Hamsters must run many miles (yes, miles) every day or they will develop cage paralysis. This means they must have a wheel at least 5″ in diameter at all times. Smaller wheels are alright for babies, but not when the hammies are full grown. The wheel must have a solid bottom or fine mesh, not rungs. Wheels with rungs break hamster legs and should never be used. Make sure the wheel will be easy to clean. A detachable wheel that is not connected to the cage is best. Hamsters are nocturnal, so check the wheel before you buy to make sure the sound of running will not disturb your sleep. Vegetable oil can be used to grease the joint to decrease squeaking or sounds.
Hamster balls are a great way for the hamster to get free time to explore and get exercise. The ball should be about 5″ in diameter. Make sure to always tape the ball shut with fresh tape or the hammie will escape. Hamsters should have daily ball time in 20-minute sessions. Hamsters will generally let you know when they are bored in the ball, because they will stop to eat, groom or sleep. When they do, take them out of the ball. Listen while your hammie is in the ball to make sure they are not trapped in a corner or by a cord. If there are children in the house, make absolutely sure that they never kick or throw the ball with the hamster in it, as this will kill the hamster. Young children should not handle the hamster ball ever. Diabetic hamsters or hamsters starting to develop diabetes may not like the ball, since they do not have access to water while inside it. Do not force them into it if they resist.
Hamsters need a paper-based bedding, such as Carefresh, Paper Shavings, SoftSorbent, Yesterdays News or Cagetech. Cedar bedding is deadly. Pine bedding is potentially harmful. Aspen may be fine, but why chance it? Use paper bedding, about three inches deep so the hammies can burrow. In winter, provide extra bedding to ensure the hammie stays warm enough, and consider putting towels or blankets around the bottom and sides of the cage to ensure warmth. Never use any hamster fluff or cotton bedding material, as hammies can ingest it and die. Use paper towel, toilet paper, or paper napkins torn into strips for the hammies to make their nests. Tiny boxes (without tape or plastic parts) or toilet tubes make wonderful hammie hideaways. The cage needs to be cleaned weekly, unless the hammie has diabetes, in which case it needs to be checked for moisture daily, and cleaned. The mold that grows on wet hamster bedding is highly toxic. Leaving a hamster in a filthy cage is animal cruelty. Don’t force your hamster to live in filth. The cage should be cleaned only with white vinegar or mild soap and water, no harsh cleaners. If the hamster has been ill, you can use bleach to disinfect, but only when the hamster is far enough away to be unaffected by the fumes. Hamsters are easily harmed by airborne chemical cleaners and other household chemicals. If you use them in your home, move the hammies to a safe, fume-free area before using the chemicals. Some hamsters will use hamster litter boxes or Hamster Potty. If you use them, make sure to use only hamster litter by Hamster Potty or Small Animal Litter by Kaytee, never cat litter. If your hamster is ever dirty it is because s/he is sick or the cage is dirty. Hamsters clean themselves and should never be bathed. If they are ill and need to be cleaned, use a warm damp cloth and carefully dry the hammie with a soft towel. Keep them warm while they dry completely.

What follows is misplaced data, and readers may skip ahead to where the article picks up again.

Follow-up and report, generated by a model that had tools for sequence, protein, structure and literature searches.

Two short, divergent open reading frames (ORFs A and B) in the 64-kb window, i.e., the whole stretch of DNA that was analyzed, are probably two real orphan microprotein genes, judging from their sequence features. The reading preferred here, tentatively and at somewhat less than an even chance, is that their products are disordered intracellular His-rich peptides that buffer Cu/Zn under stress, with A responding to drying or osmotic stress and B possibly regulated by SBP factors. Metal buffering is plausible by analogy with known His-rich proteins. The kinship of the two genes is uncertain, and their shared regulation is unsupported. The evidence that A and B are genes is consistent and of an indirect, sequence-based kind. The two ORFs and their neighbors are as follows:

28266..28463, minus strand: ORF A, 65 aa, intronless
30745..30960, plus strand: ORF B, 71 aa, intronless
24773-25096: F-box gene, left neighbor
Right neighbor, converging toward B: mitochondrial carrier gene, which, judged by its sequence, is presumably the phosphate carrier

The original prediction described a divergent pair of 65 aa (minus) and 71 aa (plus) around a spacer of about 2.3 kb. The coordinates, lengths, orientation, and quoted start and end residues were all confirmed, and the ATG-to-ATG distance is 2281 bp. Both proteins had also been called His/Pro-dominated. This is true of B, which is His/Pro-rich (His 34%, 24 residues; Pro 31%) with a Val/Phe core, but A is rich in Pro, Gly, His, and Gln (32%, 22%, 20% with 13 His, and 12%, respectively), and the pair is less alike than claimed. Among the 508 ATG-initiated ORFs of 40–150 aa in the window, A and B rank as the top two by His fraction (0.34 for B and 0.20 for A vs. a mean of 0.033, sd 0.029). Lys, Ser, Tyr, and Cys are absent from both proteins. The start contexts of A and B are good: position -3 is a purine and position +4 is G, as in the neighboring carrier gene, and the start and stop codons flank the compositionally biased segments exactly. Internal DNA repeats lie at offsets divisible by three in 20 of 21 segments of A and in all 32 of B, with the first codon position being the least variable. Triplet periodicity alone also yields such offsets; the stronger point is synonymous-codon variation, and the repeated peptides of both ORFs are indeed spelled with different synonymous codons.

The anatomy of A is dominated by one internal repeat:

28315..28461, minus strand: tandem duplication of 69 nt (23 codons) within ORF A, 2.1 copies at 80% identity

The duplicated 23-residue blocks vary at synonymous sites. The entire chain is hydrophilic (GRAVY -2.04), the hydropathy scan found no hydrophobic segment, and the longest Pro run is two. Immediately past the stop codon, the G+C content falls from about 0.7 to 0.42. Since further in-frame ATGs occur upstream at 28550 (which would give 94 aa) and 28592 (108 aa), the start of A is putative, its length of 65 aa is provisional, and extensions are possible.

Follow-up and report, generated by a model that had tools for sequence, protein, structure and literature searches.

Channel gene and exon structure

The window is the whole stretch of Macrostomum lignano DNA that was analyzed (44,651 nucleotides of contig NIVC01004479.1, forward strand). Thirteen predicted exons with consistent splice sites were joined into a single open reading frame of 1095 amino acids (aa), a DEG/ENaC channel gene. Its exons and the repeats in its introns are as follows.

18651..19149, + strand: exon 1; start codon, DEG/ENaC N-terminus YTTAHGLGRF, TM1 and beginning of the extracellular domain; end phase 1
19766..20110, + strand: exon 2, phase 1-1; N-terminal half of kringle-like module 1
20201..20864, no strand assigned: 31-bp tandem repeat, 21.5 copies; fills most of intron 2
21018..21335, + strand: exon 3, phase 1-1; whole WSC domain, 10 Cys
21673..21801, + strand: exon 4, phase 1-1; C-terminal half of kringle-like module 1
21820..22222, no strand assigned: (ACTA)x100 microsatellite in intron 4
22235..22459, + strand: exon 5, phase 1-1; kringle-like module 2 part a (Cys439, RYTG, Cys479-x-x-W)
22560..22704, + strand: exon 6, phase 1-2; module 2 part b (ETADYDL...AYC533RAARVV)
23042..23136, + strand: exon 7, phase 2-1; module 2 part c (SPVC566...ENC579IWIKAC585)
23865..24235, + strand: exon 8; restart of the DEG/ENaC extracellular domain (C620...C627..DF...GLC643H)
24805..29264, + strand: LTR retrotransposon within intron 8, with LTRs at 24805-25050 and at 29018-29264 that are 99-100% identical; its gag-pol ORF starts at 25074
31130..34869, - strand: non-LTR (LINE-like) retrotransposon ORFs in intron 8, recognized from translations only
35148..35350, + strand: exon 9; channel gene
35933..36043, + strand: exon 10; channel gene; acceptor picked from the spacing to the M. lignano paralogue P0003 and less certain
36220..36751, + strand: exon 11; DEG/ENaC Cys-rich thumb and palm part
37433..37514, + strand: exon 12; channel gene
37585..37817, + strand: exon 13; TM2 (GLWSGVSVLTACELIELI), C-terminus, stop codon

Toys and Hideaways:
Plastic pigloos, plastic tubes, plastic toys, wooden houses, cardboard boxes and tubes (plastic tape removed), are all fine. Clean them weekly when the cage is cleaned and throw them away if they get dirty or splintered. Snack Shaks are not recommended for dwarfs because they contain sugar.
Hamsters need to wear down and sharpen their teeth constantly, so they need to have wire bars or wooden chews available to chew on. Apple twigs or willow chews seem the most popular.
Hamsters deserve medical care, just as every other living being does. The “cost” of an animal should never determine its right to a long healthy life. Find a dwarf hamster vet before you need one. Usually with a hamster this will need to be a late night vet, because that is when a change in health or behavior is noticeable in these nocturnal animals. By the time a hamster seems ill, they are generally very ill and need prompt medical care. Never use Dritail, because a hamster with wet tail (diarrhea) should be rushed to a vet for rehydration (injection of Lactated Ringers solution) and medicine immediately, if s/he is to survive. Use the skin pinch test regularly to determine if your hamster needs rehydration. Gently pinch the skin between the shoulders and release it. If it stays up in a tent or retracts back to normal shape slowly the hamster is incredibly dehydrated. Use this test daily on diabetic hamsters. Keep unflavored children’s Pedialyte in the house in case of emergencies. If you can get your hamster to drink some on the way to the vet it may save the hamster’s life.
Do the pinch test when the hammie is healthy so you have something to compare it to in case your hammie gets sick. Be aware of your hamster’s normal eating, drinking, pooping, peeing, sleeping and activity patterns so that you can tell when they change. Inspect your hammie on a weekly basis to help catch changes early. Common dwarf hamster illnesses can include diabetes, kidney problems, wet tail, dehydration, malocclusion (overgrowth of the teeth), cheek pouch impaction (something stuck in the pouch), upper respiratory infections, broken bones, mites, cuts, abscesses, eye injury, fungus, and tumors. All of these conditions, including diabetes and tumors, are treatable when caught early. If you ever feel like your hamster is not acting normally, trust your instincts and get to a vet immediately. Please check the Dwarf Hamster Diabetes care sheet for additional information on warning signs, testing and treating diabetic dwarfs.